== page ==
On July 5, 2010, we will publish Kathleen Pfeiffer’s new book Brother Mine: The Correspondence of Jean Toomer and Waldo Frank, which presents for the first time their entire correspondence in chronological order.
Waldo Frank was an established white writer who advised and assisted the younger African American Jean Toomer as he pursued a literary career. They met in 1920, began corresponding regularly in 1922, and were estranged by the end of 1923, the same year that Toomer published his ambitiously modernist debut novel, Cane.
As Pfeiffer writes in the Introduction:
“The correspondence (and the friendship) suffered a devastating rupture once Toomer moved to Greenwich Village. Unbeknownst to Frank, Toomer soon embarked on an intense secret love affair (which was, however, not secret from mutual friends) with Frank’s wife, Margaret Naumburg. The surviving letters from this period clearly reflect some tension.”
Here is a letter from Frank to Toomer during that period. Kathleen Pfeiffer provides the context.
Waldo Frank and Margaret Naumburg were often apart during the summer of 1923. In July Naumburg took a two-week camping trip to Lake Placid. In early August, Frank spent a few weeks with his friend Leo Ornstein in New Hampshire. The marriage was dissolving, with the pair making plans to depart the Darien house and separate. Toomer’s letters to Naumburg (addressed “Dearest”) make it clear that they were intimate by this time. Naumburg’s letters to Toomer are unpublished, but for Toomer’s portion of their correspondence, see Whalan.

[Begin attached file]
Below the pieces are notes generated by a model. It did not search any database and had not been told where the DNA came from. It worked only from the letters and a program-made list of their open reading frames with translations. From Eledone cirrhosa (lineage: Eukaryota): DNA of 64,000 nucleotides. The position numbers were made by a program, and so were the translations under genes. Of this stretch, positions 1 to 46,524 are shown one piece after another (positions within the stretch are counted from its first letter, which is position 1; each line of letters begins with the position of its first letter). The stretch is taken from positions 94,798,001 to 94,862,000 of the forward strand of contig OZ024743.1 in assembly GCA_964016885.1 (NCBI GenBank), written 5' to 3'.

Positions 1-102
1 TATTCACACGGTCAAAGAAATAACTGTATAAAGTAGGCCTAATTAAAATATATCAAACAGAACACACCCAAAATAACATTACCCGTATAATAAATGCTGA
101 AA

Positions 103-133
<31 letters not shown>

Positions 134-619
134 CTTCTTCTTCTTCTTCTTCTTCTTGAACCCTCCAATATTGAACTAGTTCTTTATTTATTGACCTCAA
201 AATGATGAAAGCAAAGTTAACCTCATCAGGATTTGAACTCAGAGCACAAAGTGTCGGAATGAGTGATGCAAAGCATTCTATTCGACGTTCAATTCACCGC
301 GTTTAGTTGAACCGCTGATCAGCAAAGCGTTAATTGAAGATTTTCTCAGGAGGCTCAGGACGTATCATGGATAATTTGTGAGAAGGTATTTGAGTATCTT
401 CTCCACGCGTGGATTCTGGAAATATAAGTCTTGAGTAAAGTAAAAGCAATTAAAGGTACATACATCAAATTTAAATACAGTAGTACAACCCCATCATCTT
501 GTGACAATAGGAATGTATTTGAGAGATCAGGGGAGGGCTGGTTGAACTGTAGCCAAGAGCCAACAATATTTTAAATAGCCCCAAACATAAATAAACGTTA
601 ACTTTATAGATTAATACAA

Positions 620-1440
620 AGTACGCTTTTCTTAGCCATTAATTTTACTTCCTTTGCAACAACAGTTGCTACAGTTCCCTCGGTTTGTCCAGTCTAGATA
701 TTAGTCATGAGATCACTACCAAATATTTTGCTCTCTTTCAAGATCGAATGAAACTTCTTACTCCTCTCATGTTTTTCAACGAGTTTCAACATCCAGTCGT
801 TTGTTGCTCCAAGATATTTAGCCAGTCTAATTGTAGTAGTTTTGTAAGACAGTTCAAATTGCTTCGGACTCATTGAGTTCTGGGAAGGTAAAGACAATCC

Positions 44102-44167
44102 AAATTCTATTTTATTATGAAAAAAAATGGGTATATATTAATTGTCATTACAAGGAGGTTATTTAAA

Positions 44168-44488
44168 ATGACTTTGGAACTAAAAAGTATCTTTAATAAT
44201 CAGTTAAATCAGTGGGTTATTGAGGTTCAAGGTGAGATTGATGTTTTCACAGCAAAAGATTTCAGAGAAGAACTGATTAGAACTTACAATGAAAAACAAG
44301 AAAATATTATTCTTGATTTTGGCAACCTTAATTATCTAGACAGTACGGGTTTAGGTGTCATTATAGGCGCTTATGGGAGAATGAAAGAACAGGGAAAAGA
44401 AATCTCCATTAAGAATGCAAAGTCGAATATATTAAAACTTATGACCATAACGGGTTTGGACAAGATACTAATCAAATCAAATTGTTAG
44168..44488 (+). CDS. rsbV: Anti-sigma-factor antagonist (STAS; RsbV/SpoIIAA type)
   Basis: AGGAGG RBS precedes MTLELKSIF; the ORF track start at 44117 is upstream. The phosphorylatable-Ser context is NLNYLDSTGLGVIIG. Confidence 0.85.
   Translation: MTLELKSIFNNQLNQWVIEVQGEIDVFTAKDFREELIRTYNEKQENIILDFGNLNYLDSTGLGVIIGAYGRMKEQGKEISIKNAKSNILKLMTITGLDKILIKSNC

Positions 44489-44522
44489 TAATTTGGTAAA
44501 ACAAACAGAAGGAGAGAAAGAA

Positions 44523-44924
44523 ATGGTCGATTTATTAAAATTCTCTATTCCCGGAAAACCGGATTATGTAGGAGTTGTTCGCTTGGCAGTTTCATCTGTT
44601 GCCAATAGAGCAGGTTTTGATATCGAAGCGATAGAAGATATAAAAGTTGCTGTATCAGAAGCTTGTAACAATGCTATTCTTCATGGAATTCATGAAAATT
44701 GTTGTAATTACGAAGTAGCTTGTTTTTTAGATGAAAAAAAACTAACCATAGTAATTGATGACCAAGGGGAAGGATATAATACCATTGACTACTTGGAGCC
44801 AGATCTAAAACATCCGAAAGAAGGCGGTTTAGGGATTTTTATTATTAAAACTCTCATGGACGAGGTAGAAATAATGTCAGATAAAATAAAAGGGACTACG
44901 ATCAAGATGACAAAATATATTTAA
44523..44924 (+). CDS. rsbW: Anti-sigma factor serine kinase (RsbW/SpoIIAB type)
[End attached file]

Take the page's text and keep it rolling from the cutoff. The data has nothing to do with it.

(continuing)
107. Frank to Toomer (JTP)
I’ve been thinking about you, and worrying a bit . . but have been silent
because your silence made me think you wanted it so. I go Sunday for a few
weeks in New Hampshire with the Ornsteins. In Sept. I hope to see you.
My address for the next couple of weeks is care of Leo O., North Conway,
I am more rested. Have been able to do absolutely no work, but sleep is a
No energy for a real letter.
all my love
[handwritten] Not a single copy have I of Cane!â€”â€”â€”â€”â€”â€”